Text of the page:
REPUBLIC OF KENYA.
IN THE HIGH COURT OF KENYA AT KITALE.
ENVIRONMENT & LAND COURT.
MISC. CIVIL APPLICATION NO. 15 OF 2014.
SCHOOL MANAGEMENT COMMITTEE )
CHEMATICH PRIMARY SCHOOL ) :::::::::::::: APPLICANTS.
EZEKIEL MARITIM )
JEREMIAH OMASIRE ) ::::::::::::::::::::::::::::::::::::RESPONDENTS.
DAVID KIPKORIR NGETICH )
R U L I N G.
The applicant filed a notice of motion dated 29/1/2014 in which they sought the following prayers:-
(a) That the District Land Registrar Trans Nzoia County be ordered to fix the boundaries between land Parcel No. Sinyerere/Sitatunga Block 4 (Chematich)/145 and Sinyerere/Sitatunga Block 4 (Chematich) 159, 112, 113 and 114 as per the District Surveyor report dated 6/9/2012.
(b) That the respondents their servants and or agents be restrained from interfering with the exercise to determine the boundaries between the parcels.
(c) That the OCS Cherangany Police Station be ordered to provide security during the undertaking of the exercise.
(d) That costs of the application be provided for.
The applicant contends that the applicant sought the intervention of the Land Registrar Trans Nzoia to go and determine the boundary between it and the respondents. The Land Registrar accordingly moved to the ground pursuant to the provisions of the Registered land Act Cap 300 (now repealed) and determined the boundary. The Land Registrar prepared a report dated 17/9/2012 based on a survey report by the District Surveyor dated 6/9/2012.
When the county surveyor went to the ground to implement the Land Registrars report, the respondents refused to co-operate. It is said that the respondents mobilised armed youths who prevented the implementation of the report. It is on this basis that the applicant has come to court seeking court's intervention to enable the report of the land Registrar be implemented.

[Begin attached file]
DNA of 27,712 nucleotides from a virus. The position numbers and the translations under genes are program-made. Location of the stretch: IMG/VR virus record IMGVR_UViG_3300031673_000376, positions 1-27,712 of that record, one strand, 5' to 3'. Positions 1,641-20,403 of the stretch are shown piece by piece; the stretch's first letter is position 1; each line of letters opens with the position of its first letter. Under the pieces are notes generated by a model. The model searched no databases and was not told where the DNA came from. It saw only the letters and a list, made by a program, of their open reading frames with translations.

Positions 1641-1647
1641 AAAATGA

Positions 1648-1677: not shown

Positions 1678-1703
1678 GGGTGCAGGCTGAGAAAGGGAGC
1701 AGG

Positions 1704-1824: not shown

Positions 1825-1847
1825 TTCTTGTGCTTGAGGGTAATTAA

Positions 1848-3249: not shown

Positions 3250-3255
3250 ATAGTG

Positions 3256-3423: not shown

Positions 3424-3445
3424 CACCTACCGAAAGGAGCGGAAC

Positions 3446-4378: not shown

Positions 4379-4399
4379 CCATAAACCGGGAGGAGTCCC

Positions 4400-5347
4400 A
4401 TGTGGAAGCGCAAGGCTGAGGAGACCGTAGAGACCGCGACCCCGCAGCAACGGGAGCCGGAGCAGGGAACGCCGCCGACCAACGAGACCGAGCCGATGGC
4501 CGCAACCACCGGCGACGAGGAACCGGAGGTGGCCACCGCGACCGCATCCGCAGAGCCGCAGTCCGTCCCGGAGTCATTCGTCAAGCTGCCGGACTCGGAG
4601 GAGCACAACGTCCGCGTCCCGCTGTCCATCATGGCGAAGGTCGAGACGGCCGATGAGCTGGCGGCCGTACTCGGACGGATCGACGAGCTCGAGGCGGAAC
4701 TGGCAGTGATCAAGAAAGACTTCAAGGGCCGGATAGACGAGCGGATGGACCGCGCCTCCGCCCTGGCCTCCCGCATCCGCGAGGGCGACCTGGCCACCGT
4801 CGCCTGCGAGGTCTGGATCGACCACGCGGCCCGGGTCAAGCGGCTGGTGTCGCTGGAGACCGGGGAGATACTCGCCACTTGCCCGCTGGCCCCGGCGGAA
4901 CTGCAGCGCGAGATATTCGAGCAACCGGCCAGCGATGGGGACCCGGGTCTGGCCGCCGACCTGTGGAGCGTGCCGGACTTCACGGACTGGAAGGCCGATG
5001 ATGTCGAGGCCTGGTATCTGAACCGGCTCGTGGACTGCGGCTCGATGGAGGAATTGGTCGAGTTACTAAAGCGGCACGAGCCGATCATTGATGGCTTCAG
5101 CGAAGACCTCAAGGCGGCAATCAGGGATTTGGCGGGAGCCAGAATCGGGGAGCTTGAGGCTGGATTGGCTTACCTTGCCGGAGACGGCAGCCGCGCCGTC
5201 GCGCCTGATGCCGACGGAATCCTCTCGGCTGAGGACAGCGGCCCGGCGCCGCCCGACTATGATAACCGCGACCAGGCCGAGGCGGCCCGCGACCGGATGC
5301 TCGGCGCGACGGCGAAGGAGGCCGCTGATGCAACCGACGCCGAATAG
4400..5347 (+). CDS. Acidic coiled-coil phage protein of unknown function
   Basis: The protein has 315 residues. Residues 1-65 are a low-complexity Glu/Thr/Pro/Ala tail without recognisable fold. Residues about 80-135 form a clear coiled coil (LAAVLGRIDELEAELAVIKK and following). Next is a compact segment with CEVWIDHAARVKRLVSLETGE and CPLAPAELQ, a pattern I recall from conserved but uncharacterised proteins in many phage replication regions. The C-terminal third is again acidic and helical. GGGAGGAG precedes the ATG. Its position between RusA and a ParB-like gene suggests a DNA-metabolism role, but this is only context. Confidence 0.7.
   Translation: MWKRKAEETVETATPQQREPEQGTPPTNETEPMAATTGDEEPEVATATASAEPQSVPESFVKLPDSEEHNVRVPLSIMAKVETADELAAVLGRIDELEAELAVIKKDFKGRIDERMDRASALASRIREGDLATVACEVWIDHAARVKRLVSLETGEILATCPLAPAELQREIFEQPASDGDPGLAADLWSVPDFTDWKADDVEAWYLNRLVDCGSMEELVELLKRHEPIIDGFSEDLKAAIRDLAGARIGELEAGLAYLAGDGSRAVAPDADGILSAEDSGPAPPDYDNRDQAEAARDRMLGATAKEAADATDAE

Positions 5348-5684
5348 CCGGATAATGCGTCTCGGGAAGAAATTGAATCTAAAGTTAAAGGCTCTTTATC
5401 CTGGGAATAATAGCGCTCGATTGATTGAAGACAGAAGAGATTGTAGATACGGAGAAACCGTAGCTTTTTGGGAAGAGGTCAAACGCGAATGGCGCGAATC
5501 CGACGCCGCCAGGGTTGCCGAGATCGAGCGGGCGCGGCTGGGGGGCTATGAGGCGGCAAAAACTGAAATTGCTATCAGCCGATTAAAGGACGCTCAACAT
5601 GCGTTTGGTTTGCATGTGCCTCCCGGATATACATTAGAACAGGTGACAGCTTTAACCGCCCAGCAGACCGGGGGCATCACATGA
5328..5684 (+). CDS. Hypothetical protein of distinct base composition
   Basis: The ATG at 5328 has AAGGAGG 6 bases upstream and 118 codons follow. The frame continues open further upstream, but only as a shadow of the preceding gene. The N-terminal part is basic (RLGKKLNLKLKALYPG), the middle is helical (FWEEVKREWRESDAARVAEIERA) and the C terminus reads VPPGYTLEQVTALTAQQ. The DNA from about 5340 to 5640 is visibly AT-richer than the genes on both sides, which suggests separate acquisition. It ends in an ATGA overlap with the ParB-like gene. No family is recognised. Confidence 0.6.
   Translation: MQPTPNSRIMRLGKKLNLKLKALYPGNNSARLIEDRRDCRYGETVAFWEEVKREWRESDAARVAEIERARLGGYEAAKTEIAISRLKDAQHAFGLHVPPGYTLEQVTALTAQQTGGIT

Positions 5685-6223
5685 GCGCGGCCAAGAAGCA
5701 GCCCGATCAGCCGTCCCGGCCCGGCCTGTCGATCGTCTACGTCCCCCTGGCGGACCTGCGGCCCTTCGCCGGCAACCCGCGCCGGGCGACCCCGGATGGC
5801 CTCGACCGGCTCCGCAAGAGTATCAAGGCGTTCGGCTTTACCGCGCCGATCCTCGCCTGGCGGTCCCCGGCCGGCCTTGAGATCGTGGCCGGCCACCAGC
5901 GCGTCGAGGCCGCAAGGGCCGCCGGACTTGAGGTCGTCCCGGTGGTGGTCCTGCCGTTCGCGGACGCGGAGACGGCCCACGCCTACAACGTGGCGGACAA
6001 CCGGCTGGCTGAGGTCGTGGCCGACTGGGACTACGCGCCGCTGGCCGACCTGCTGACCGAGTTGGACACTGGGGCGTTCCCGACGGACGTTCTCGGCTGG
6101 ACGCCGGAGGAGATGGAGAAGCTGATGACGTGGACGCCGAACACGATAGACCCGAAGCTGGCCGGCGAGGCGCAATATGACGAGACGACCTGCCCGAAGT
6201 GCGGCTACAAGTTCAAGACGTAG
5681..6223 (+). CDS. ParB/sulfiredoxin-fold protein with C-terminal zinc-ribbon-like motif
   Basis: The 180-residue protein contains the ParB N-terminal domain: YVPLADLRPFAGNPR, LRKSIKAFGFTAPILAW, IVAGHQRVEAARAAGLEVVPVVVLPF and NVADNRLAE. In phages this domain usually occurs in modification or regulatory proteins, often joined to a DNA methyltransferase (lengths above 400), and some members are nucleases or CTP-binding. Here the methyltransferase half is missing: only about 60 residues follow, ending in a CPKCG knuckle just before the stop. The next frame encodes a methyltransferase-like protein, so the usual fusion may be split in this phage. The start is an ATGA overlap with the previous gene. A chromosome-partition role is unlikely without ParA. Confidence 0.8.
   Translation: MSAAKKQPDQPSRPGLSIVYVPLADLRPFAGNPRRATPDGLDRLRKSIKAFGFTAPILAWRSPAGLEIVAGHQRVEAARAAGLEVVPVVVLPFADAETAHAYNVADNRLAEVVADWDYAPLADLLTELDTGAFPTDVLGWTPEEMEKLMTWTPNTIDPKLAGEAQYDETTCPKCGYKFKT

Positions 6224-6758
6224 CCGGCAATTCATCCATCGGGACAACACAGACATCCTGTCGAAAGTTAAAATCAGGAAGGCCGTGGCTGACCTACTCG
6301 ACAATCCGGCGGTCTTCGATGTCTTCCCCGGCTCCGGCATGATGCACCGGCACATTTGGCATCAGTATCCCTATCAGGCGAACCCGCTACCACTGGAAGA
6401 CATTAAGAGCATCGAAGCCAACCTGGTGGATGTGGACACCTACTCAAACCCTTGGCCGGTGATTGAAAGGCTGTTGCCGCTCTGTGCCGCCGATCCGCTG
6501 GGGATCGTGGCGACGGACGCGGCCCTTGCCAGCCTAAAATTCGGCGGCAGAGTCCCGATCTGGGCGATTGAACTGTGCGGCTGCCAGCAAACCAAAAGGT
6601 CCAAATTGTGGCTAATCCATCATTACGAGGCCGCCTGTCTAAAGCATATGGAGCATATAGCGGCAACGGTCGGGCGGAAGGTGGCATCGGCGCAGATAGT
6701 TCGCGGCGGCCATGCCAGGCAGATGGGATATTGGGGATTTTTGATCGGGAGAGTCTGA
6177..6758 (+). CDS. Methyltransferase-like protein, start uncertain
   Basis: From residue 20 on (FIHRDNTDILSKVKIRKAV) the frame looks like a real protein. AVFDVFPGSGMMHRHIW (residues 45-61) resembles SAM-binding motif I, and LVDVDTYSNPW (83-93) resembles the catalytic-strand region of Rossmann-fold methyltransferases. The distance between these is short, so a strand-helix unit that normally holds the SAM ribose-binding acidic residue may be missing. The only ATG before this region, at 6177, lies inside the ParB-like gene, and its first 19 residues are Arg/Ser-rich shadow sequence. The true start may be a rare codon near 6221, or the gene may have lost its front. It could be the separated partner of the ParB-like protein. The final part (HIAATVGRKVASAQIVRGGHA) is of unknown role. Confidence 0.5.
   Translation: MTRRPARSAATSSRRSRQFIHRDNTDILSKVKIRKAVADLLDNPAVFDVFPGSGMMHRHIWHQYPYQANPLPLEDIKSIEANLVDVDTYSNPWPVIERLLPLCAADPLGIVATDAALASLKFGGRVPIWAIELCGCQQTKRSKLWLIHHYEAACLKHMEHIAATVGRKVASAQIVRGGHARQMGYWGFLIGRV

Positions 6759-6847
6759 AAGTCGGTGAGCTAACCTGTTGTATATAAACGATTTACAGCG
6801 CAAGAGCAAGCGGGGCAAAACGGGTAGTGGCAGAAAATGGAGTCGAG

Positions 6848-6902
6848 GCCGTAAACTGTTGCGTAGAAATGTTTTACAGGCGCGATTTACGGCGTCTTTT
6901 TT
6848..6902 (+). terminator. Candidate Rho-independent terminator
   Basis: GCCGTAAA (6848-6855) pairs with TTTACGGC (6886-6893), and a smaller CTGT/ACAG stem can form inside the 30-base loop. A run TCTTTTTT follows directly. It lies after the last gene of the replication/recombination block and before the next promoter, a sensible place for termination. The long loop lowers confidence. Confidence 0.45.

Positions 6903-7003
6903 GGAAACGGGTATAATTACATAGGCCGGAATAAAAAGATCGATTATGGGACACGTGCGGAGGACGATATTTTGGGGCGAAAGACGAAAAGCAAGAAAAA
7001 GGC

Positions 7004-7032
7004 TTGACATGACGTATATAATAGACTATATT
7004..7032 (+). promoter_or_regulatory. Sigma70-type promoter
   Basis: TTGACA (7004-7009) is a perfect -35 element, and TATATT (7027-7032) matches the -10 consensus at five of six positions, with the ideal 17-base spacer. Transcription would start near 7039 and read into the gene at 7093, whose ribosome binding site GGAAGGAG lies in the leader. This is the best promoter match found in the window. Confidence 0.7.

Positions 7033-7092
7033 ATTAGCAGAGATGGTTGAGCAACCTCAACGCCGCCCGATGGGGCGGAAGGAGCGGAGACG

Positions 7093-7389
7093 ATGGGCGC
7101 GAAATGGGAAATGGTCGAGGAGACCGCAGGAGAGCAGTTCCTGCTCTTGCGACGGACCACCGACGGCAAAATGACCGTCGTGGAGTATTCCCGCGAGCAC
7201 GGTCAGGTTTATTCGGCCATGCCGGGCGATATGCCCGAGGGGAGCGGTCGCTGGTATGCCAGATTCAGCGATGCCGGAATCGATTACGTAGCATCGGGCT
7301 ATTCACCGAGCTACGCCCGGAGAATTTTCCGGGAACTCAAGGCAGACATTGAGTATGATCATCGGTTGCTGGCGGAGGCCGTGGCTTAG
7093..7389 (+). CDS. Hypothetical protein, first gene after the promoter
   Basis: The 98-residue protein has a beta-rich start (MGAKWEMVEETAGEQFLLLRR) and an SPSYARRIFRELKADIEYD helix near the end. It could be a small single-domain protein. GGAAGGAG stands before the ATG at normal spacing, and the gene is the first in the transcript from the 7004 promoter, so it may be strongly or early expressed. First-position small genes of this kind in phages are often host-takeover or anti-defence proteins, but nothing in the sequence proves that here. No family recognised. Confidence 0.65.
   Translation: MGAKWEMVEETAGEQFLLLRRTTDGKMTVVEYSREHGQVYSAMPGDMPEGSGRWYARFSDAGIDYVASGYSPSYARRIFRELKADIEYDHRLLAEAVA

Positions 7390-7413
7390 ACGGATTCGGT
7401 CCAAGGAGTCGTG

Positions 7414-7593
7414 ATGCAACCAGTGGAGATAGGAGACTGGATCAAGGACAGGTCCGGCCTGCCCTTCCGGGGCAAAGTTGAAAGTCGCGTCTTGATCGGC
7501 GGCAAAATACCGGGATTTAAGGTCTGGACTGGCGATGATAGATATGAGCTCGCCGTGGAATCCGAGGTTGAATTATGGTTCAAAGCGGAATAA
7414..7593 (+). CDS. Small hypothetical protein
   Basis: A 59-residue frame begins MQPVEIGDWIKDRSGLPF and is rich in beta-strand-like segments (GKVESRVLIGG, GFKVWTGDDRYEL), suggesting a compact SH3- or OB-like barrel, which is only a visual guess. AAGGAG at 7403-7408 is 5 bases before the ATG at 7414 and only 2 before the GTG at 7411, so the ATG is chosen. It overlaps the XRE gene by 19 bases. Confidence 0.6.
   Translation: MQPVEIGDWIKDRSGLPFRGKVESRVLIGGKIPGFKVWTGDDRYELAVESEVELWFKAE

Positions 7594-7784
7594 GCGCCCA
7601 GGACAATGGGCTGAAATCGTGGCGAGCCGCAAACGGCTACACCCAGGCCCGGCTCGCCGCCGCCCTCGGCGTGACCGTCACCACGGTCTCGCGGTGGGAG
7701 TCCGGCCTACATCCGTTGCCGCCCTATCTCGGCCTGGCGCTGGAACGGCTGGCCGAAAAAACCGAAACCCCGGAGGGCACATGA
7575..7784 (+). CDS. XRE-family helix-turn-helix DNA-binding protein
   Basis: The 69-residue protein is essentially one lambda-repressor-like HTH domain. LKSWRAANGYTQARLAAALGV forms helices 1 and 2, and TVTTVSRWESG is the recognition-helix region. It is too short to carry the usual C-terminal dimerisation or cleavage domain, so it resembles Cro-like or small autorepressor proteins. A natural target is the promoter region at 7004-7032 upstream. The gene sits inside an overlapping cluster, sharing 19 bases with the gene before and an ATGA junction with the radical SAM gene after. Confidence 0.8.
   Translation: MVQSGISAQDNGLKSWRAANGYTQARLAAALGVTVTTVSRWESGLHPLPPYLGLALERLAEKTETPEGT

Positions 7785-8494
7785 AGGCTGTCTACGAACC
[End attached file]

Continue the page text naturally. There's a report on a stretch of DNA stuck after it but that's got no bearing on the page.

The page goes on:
The application is opposed by the respondents through a replying affidavit sworn by the first respondent on 28/2/2014. The respondents have basically attacked the competency of the application as well as the accuracy of the Land Registrar's report. On the part of competency, the respondents contend that the application is not pegged on any pleadings; that the orders sought are substantive and should only be entertained after oral evidence is tendered and that the Land Registrar was not made a party. On the part of accuracy of the report, the respondents contend that the respondents were not involved; that all parcels bordering the applicant's land were not considered, that the school land was donated and the respondents cannot donate any more land; that the respondents are not aware of any proceedings of 3/5/2012; that the respondents have already obtained their titles and that the Land Registrar had already visited the disputed boundary and beacons identified and boundaries fixed.
It is important to note from the beginning that in this application the court was being asked to give orders which will enable the boundaries on the ground to be implemented as per the Land Registrar's report of 17/9/2012. The issue as to the competency of this application was decided on vide ruling of this court delivered on 8/4/2014 following a preliminary objection raised by the respondents. The court in that ruling held that this was an application asking for the court's assistance to implement the Land Registrar's report and as such, there was no need to include the Land Registrar as a party or even bring a substantive suit for that purpose.